The first rule of not-for-profits,” writes nonprofit consultant Peter Brinckerhoff, “is mission, mission, and more mission.” Mission, he points out, is a nonprofit organization’s legal reason for existence. It’s why the staff works long hours, often for a fraction of what they would earn in the for-profit sector. It’s what attracts volunteers and donors. This is why it’s so critical to have a well-defined mission that everyone in the organization knows and is passionate about.
“I would say the nonprofit organization that lives and breathes its mission better than any other that I’ve experienced is a little private school called Hanahauoli School,” says Terry George, COO of the Harold K. L. Castle Foundation. “I admit my bias. I’m a parent of two kids who go to school there, and the school is a grantee of the foundation, but their mission has really stood the test of time.”
The key to that longevity, George says, is that the school makes the mission the centerpiece of what it does, not an afterthought. “Their board starts every meeting by having someone read the mission aloud. They really review it. Every employee there knows what the mission is. And they live it.”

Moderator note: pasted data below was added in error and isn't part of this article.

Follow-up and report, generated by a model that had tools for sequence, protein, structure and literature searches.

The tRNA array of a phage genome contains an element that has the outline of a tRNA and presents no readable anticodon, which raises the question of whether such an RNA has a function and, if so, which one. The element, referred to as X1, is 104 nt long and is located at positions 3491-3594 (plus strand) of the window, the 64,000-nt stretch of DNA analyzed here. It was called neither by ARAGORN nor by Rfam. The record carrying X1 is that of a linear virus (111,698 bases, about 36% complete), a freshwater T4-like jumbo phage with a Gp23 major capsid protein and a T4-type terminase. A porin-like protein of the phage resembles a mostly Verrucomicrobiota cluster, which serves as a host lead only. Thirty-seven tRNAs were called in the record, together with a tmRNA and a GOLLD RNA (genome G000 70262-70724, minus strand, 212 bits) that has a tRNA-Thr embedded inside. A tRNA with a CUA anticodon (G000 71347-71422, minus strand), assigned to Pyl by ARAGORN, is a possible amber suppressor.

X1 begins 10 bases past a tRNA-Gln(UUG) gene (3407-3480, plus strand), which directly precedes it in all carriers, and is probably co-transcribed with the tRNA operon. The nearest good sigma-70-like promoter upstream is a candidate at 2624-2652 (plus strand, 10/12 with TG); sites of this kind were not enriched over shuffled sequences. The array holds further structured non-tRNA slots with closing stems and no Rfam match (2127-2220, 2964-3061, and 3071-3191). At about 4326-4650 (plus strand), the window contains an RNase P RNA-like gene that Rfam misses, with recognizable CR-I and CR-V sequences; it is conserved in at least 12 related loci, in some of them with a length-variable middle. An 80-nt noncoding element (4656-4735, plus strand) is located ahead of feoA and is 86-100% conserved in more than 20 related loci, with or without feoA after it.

Hanahauoli School’s mission statement is a long, eloquent defense of the educational philosophy of John Dewey. It champions an experiential approach to education, one in which children learn by doing and develop at their own pace. That may seem abstract, but it’s reflected in everything the school does.
“I think our mission really does guide our decision-making,” says Bob Peters, Hanahauoli’s longtime head of school. He points to the school’s decision to use multi-age class structures, merging kindergarten and first grade, second grade with third grade, and fourth with fifth. “We recognized that children don’t develop equally across all areas at the same pace. Once we went to multi-age, it allowed us to give those youngsters who needed a little bit more time the opportunity to do that, and those younger kids who were ready for greater challenges to have that happen at the same time.”
Mission is also about what not to do. In the past, Hanahauoli has considered expanding or adding a middle school. “After some serious study,” Peters says, “the board really felt that we were looking at young children. That was the focus of our philosophy, and remaining an elementary school was much more consistent with and well-aligned with our mission.”
Bias toward marketing
HUGS (Help, understanding & Group support)